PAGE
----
On January 6, the Federal Trade Commission (FTC) announced that it had filed a complaint against Taiwanese D-Link Corp. and its U.S. subsidiary, D-Link Systems Inc. (D-Link), alleging the company made deceptive claims about the security of its products and engaged in unfair practices that put U.S. consumers’ privacy at risk. The case is noteworthy for … Continue Reading
To date, the U.S. Federal Trade Commission has brought over 60 enforcement actions regarding company data security practices, and 2016 is already no different. On February 23, 2016, the FTC and Taiwanese computer hardware manufacturer ASUSTeK Computer, Inc., settled the FTC’s charges that ASUS-branded wireless routers, which were manufactured for home use and allowed consumers … Continue Reading
Authorship Credit: Tina Amin China’s top legislature, the Standing Committee of the National People’s Congress, closed out 2012 with the approval of rules to enhance the protection of online personal information. The “Decision of the Standing Committee of the National People’s Congress to Strengthen the Protection of Internet Data” (“Decision”), which took effect upon … Continue Reading
Technology advances often help consumers do things quicker or easier. For regulators and law enforcers, such advances often present challenges in keeping laws and regulations up to date. The latest example is amendments announced by the Federal Trade Commission (“FTC”) on December 19, 2012, to update its Children’s Online Privacy Protection Act (“COPPA”) Rule, which … Continue Reading
Earlier this week, Maureen Olhausen, the Federal Trade Commission’s newest commissioner, shared her perspective on “The Federal Role in Privacy: Getting It Right” in a discussion at the Hudson Institute, a conservative-leaning think tank in Washington, DC. Her straightforward comments indicated she intends to take a cautious and holistic approach toward any expansion of the … Continue Reading
It is a common scenario—a company’s computer system becomes infected with some variant of the Zeus Trojan with a key logger that sends key strokes out to a command and control server operated by a criminal. The criminal searches the key strokes to find login credentials to that company’s Internet bank account, which are used … Continue Reading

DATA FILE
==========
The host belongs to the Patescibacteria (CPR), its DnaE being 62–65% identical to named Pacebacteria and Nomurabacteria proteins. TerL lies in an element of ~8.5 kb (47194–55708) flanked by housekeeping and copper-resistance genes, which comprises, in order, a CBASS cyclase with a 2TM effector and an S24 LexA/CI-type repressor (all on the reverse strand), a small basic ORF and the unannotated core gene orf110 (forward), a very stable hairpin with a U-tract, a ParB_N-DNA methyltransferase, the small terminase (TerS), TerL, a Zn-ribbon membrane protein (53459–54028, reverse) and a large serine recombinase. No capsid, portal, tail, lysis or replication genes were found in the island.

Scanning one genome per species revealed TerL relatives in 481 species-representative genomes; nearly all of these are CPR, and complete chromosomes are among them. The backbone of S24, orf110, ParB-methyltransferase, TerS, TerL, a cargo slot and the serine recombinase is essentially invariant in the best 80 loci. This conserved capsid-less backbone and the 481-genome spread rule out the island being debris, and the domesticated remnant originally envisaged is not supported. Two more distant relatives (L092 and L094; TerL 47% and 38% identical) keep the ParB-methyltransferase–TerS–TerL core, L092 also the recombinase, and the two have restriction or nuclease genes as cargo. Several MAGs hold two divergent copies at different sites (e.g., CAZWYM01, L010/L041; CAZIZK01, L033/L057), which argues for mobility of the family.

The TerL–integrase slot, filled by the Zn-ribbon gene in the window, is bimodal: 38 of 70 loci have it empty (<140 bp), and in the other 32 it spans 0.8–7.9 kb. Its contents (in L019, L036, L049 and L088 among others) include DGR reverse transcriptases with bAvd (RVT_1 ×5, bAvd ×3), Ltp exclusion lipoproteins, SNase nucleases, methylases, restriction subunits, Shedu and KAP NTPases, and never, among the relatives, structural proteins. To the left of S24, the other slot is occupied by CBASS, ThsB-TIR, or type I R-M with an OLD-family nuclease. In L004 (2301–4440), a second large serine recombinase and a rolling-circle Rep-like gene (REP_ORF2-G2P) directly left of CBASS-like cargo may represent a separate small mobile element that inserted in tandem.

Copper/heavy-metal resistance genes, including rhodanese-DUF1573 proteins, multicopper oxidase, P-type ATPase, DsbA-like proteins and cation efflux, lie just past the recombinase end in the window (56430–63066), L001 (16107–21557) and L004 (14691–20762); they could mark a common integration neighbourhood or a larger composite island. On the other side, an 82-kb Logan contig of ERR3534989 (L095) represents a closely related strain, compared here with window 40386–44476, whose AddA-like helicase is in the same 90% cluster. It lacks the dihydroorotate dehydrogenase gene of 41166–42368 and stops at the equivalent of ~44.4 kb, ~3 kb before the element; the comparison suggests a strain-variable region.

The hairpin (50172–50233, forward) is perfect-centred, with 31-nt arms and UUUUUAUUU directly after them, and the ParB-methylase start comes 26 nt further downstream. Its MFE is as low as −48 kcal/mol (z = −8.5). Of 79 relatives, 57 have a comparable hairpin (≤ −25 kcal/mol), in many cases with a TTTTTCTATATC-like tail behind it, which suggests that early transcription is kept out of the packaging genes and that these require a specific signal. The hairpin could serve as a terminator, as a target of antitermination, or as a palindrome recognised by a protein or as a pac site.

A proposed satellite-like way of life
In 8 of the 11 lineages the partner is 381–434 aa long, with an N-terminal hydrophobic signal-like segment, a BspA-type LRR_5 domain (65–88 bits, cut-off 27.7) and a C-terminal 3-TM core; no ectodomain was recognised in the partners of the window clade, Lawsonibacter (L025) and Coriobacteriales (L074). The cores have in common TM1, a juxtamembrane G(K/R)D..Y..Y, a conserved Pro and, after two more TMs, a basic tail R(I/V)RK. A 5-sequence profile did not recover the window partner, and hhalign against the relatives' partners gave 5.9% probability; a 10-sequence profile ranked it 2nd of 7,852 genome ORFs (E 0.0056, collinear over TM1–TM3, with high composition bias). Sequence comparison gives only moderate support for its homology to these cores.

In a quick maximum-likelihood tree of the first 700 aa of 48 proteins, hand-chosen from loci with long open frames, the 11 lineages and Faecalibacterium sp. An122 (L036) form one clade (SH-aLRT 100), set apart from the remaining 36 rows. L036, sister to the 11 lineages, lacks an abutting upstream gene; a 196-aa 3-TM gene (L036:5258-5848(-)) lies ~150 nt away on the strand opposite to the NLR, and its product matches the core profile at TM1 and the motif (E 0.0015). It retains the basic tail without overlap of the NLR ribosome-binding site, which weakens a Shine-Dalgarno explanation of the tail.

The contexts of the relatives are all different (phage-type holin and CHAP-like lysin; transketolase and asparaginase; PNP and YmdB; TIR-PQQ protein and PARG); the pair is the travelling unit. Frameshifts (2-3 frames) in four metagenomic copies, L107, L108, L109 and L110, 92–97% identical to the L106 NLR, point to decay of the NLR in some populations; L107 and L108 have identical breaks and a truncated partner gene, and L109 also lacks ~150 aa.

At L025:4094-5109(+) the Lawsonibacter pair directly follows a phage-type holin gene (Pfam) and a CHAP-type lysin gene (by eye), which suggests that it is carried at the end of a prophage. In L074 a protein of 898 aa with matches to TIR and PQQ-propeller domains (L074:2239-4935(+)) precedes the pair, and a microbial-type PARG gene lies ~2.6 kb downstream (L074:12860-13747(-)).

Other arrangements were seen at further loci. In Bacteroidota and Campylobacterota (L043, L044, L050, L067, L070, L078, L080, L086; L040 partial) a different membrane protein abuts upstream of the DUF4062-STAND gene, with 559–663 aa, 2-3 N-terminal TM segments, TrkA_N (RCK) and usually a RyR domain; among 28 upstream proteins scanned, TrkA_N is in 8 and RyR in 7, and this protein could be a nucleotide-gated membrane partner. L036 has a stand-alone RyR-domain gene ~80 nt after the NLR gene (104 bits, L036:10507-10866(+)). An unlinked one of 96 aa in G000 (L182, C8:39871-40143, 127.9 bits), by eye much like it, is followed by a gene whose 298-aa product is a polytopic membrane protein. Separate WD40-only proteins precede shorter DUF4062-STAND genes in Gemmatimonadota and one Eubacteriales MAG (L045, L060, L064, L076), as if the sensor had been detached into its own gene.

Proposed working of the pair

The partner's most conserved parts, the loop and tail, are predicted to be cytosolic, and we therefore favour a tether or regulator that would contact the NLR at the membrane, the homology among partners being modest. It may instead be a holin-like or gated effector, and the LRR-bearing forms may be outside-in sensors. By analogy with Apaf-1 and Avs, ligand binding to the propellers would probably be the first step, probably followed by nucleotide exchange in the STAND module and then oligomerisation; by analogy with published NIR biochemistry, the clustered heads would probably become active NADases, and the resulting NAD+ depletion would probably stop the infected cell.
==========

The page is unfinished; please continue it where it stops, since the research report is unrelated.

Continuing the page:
Authorship Credit: Dave Taylor, Director, Information Technology, Baker & Hostetler LLP We are seeing a dramatic increase in spam and email phishing schemes once again. These schemes have become very sophisticated in their ability to mimic the multitudes of legitimate on-line transactions that occur every day. Please consider the following when reading and reacting to … Continue Reading
The Attorney General of California (“AG”) released a Joint Statement of Principles (“Joint Statement“) among itself and Amazon.com Inc., Apple Inc., Google Inc., Hewlett-Packard Company, Research In Motion Limited and other companies (collectively the “Mobile App Market Companies”) describing the terms of a settlement relating to the AG’s review of mobile application marketplace privacy protections. The … Continue Reading
The end of 2010 featured the Department of Commerce citing the need for a Privacy Bill of Rights in its green paper and the FTC's preliminary online privacy report discussing the need for a Do Not Track mechanism. The momentum generated by these reports led to the introduction of multiple versions of Do Not Track and comprehensive privacy rights bills in early 2011. By mid-2011, at least five different data security and breach notification proposals were circulating in the wake of high profile data breaches. Reports about location based tracking led to the introduction of geolocation privacy and surveillance bills. Proposed amendments to the Children's Online Privacy Protection Act, Electronic Communications Privacy Act, and Video Privacy Protection Act were also made. And by the end of 2011, several cybersecurity bills designed to protect critical infrastructure had been introduced. Even though Congress held hearings on privacy issues, subcommittees approved several bills, and there was support from the Obama administration for comprehensive privacy legislation, as many expected, however, none of these bills were enacted when the first session of the 112th Congress adjourned December 18.
The safe prediction for 2012 is more of the same--a lot of proposals but no consensus. It is certainly possible that another high profile data breach or cyberattack against a utility or government contractor could create enough urgency to force a consensus. However, numerous high profile breaches (Epsilon, Sony, Citi, RSA, Lockheed Martin and several health care providers), hactivist attacks against government security contractors (IRC Federal and HBGary), and reports about how the "weaponized" Stuxnet virus caused centrifuges in an Iranian nuclear facility to spin wildly out of control were not enough in 2011. We certainly expect to see data breach notification, comprehensive privacy, and cybersecurity bills addressed again in 2012. We may also see narrower bills aimed at online and location based tracking as well as Children's privacy. Emerging technology, including mobile payments and facial recognition, may also garner legislative attention.
Below is a round-up of the 2011 privacy and data security legislative proposals, including links to more detailed analysis from our blog posts during the year.… Continue Reading
Facebook and the FTC announced an agreement on November 29, 2011, ending the FTC’s 18-month investigation into Facebook’s user privacy practices. By adding Facebook to the list of major social media entities subject to an FTC consent order—a list that includes Google and Twitter—the FTC has loudly signaled its leading role in regulating the online … Continue Reading